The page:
|Salman Isa Al Radhi from Bahrain steered Persepolia Larzac to win the 8 Year Old title at the FEI World Endurance Championships for Young Horses 2011 at Compiegne in France last Friday. Photo: FEI/Gilly Wheeler.|
Lausanne (SUI), 22 August 2011
Horse and rider combinations from Bahrain and the United Arab Emirates claimed the titles at the FEI World Endurance Championships for Young Horses which took place at Compiegne in France last Friday. Over testing courses, and in intense heat, it was Bahrain's Salman Isa Al Radhi and Persepolia Larzac who returned the quickest time in the 8 Year Old division, while the UAE's Shames Sd Sn Al Marri produced a strong ride with Qatar La Majorie to win the 7 Year Old competition.
Endurance riding only developed into a competitive sport in the 1950s and arrived in Europe during the following decade. In 1982 it became an FEI-approved discipline, and gradually the number of events increased. In 1998 the World Championships were staged in the United Arab Emirates, with competitors from 47 Federations taking part, and this proved the catalyst for an explosion of growth in participation over the following years.
This year's FEI World Championships for Young Endurance Horses attracted competitors from 20 countries - Austria, Bahrain, Belgium, Brazil, France, Germany, Great Britian, Italy, Luxembourg, Netherlands, Norway, Oman, Portugal, Qatar, Slovakia, Spain, Sweden, Switzerland, United Arab Emirates, Uruguay.
8 Year Olds
Of the 27 starters in the 8 Year Old Championship, a total of 14 were representing France, but the host nation had to settle for silver medal position when Bahrain's Al Radhi completed the 160 km course with an average speed of 19.442 kmh. Al Radhi, who only joined the Royal Endurance Team of Bahrain in 2011, was delighted with the performance of his mare Persepolia Larzac. "From the third loop I could feel her speed. I rode her in a 160km race in Germany this year and came fifth, but this is my first time in Compiegne" he explained.
Sandrine Lance and Movisko du Lauragais finished second for France with an average speed of 19.298 kmh, but felt she could have done better. "I now realise I could have gone faster" she said afterwards. "I was much too careful. When I saw the winner going faster I should have kept up with him but I didn't, and I left it too late to put things right. But I've had this horse since he was five so I'm pleased with my ride and my horse" she added.
Spain's Monica Comas Molist and Princesse de Campagne finished third when clocking an average speed of 19.269 kmh. "Princesse is a lovely mare, bred in France" said Molist. "Last year she was second in the 7 Year Old Championships. We only did a 90km ride earlier this year in preparation for coming here. My ambition is to be on the World Cup team for Spain, but it's been a dream to win in Compiegne!" she added.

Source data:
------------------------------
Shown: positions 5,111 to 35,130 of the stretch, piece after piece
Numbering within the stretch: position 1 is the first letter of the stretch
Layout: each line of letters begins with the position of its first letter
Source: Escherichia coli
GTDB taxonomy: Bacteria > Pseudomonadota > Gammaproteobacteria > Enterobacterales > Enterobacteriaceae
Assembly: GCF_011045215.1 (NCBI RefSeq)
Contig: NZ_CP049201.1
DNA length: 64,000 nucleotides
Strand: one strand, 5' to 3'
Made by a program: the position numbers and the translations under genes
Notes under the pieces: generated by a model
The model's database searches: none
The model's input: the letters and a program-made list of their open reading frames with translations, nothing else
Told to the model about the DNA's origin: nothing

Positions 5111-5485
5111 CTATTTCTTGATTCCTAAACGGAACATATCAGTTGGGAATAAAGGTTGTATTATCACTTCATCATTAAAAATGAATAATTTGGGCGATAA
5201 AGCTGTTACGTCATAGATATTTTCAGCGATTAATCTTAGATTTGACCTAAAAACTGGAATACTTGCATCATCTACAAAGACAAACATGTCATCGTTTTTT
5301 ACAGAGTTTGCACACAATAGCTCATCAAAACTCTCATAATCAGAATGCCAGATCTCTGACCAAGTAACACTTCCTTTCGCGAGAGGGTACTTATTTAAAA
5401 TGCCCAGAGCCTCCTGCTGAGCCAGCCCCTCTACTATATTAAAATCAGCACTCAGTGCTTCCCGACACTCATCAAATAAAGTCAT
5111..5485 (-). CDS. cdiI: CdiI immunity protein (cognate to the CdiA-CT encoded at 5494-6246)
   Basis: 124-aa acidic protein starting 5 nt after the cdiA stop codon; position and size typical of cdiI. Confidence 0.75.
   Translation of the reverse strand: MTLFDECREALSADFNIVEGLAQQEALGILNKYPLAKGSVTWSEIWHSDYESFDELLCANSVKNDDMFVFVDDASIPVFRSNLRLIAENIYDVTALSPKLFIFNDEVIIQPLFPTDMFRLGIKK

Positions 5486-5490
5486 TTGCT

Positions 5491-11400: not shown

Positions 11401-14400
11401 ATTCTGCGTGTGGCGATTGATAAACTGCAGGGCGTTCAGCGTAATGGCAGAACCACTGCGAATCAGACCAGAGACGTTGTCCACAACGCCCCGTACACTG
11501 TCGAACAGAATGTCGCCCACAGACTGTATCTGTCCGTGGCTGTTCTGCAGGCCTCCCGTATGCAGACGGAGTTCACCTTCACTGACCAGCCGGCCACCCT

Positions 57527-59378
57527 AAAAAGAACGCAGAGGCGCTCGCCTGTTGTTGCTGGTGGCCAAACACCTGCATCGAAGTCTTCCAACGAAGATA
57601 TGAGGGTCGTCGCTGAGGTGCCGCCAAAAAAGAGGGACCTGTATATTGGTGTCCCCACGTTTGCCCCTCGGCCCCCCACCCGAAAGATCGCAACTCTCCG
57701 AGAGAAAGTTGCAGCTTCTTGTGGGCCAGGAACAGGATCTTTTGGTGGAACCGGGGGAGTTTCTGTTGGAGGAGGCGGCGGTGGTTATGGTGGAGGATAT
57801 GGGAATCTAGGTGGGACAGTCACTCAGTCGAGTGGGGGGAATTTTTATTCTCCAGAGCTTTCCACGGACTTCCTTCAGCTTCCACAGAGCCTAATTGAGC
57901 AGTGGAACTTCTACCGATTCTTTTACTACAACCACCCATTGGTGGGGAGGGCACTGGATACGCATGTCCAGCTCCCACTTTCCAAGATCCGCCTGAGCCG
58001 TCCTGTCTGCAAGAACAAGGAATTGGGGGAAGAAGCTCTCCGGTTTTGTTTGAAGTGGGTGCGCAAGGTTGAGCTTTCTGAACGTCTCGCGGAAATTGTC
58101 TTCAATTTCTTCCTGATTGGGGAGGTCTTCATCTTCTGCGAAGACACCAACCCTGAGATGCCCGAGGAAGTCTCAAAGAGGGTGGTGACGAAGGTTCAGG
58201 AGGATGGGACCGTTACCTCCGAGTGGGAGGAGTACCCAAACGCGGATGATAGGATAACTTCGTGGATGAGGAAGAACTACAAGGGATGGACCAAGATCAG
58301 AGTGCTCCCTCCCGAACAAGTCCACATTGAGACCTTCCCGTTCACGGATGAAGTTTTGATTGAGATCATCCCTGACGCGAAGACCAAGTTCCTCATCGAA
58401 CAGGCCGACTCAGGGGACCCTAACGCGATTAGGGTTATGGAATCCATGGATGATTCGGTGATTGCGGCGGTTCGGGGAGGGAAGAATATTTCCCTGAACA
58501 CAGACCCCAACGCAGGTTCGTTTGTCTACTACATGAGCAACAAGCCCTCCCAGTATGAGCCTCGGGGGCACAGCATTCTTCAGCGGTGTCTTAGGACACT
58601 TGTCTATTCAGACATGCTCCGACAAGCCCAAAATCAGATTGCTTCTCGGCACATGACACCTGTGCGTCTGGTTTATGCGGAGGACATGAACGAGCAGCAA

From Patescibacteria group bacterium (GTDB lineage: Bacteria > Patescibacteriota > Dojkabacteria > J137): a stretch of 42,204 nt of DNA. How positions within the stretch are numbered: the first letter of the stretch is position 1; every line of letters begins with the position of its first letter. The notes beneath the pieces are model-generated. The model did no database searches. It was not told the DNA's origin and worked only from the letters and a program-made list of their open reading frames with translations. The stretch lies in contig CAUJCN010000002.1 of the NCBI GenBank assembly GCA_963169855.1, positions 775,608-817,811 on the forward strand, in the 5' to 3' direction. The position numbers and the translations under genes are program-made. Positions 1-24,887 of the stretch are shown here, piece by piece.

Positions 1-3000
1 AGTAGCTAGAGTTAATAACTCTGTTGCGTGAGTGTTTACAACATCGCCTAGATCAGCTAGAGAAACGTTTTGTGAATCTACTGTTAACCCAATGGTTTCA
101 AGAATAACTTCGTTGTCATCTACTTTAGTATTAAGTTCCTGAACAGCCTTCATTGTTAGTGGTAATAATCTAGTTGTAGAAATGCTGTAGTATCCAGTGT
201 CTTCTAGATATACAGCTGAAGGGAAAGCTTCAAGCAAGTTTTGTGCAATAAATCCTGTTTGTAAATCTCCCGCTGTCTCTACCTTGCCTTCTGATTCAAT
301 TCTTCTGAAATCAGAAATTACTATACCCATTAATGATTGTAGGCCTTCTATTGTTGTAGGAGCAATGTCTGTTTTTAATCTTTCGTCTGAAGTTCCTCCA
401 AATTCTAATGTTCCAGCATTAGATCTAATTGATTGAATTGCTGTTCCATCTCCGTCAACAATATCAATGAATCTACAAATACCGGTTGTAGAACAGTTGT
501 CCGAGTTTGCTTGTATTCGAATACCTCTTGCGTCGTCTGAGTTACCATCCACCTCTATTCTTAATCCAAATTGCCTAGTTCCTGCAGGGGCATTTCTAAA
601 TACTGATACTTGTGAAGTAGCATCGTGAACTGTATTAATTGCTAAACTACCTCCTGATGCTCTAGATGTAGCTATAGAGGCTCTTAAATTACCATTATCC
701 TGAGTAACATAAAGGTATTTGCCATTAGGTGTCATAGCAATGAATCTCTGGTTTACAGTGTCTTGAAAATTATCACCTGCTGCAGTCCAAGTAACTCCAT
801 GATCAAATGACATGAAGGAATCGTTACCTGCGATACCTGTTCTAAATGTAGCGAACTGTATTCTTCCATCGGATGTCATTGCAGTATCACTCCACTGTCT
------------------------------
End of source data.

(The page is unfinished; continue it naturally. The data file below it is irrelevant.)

7 Year Olds
There was an even larger field of 42 runners in contention for the 7 Year Old medals. This course ran over a 120 km track, and 14 of the starters were from France. But it was the sole representative from the United Arab Emirates who produced the winning performance, Shames Sd Sn Al Marri racing home with an average speed of 21.201 kmh from his horse, Qatar La Majorie.
"I've been riding in Endurance competition for five years, but this is my first win and my biggest win!" said the rider. "It's my first season in Europe. The course was difficult because of the hills, but I'm very happy. My ambition is to be always on the podium!" he added.
Once again a French rider came in second, Philipp Tomas crossing the line with Quotien Persky having recorded an average speed of 20.922. In modern Endurance competition, the emphasis is on the horse finishing in good condition rather than the one that finishes first, and it can take years for a partnership to develop to top level. Endurance requires extensive preparation, and key to success is the support crew who help ensure the health and well-being of both horse and rider during competition. Tomas carefully managed some concerns he had about his horse early in the race. "I was worried to begin with because he was not drinking that much, but after the third loop he was much better so I was happier. My policy is always to stay in touch with the leader and make my challenge on the last loop, but this time I just wasn't fast enough" he explained.
Qatar's Faleh Nasser Al Bughaneim came home third with an average speed of 20.919 from Querotz de Benech. "I've competed here five times now, and for sure it's a great place. I won the 7 year Old Championship here in 2009, but this is the first time to be here with this horse. I think I will be on the Qatar team for the Open European Championship next month", the rider commented.
Ian Williams, the FEI'S Director of Non-Olympic Sports, attended the event and said, "it was very competitive, with a tough battle for the medals. As always, the Compiegne organisers have done a tremendous job, and the good completion rate is testimony to both the skill of the competitors and the quality of the horses".
7 Year Old Championship: GOLD - Qatar La Majorie (Shames Sd Sn Al Marri) UAE; SILVER - Quotien Persky (Philippe Tomas) FRA; BRONZE - Querotz de Benech (Faleh Nasser Al Bughaneim) QAT.
8 Year Old Championship: GOLD - Persepolia Larzac (Salman Isa Al Radhi) BRN; SILVER - Movisko du Lauragais (Sandrine Lance) FRA; BRONZE - Princesse de Campagne (Monica Comas Molist) ESP.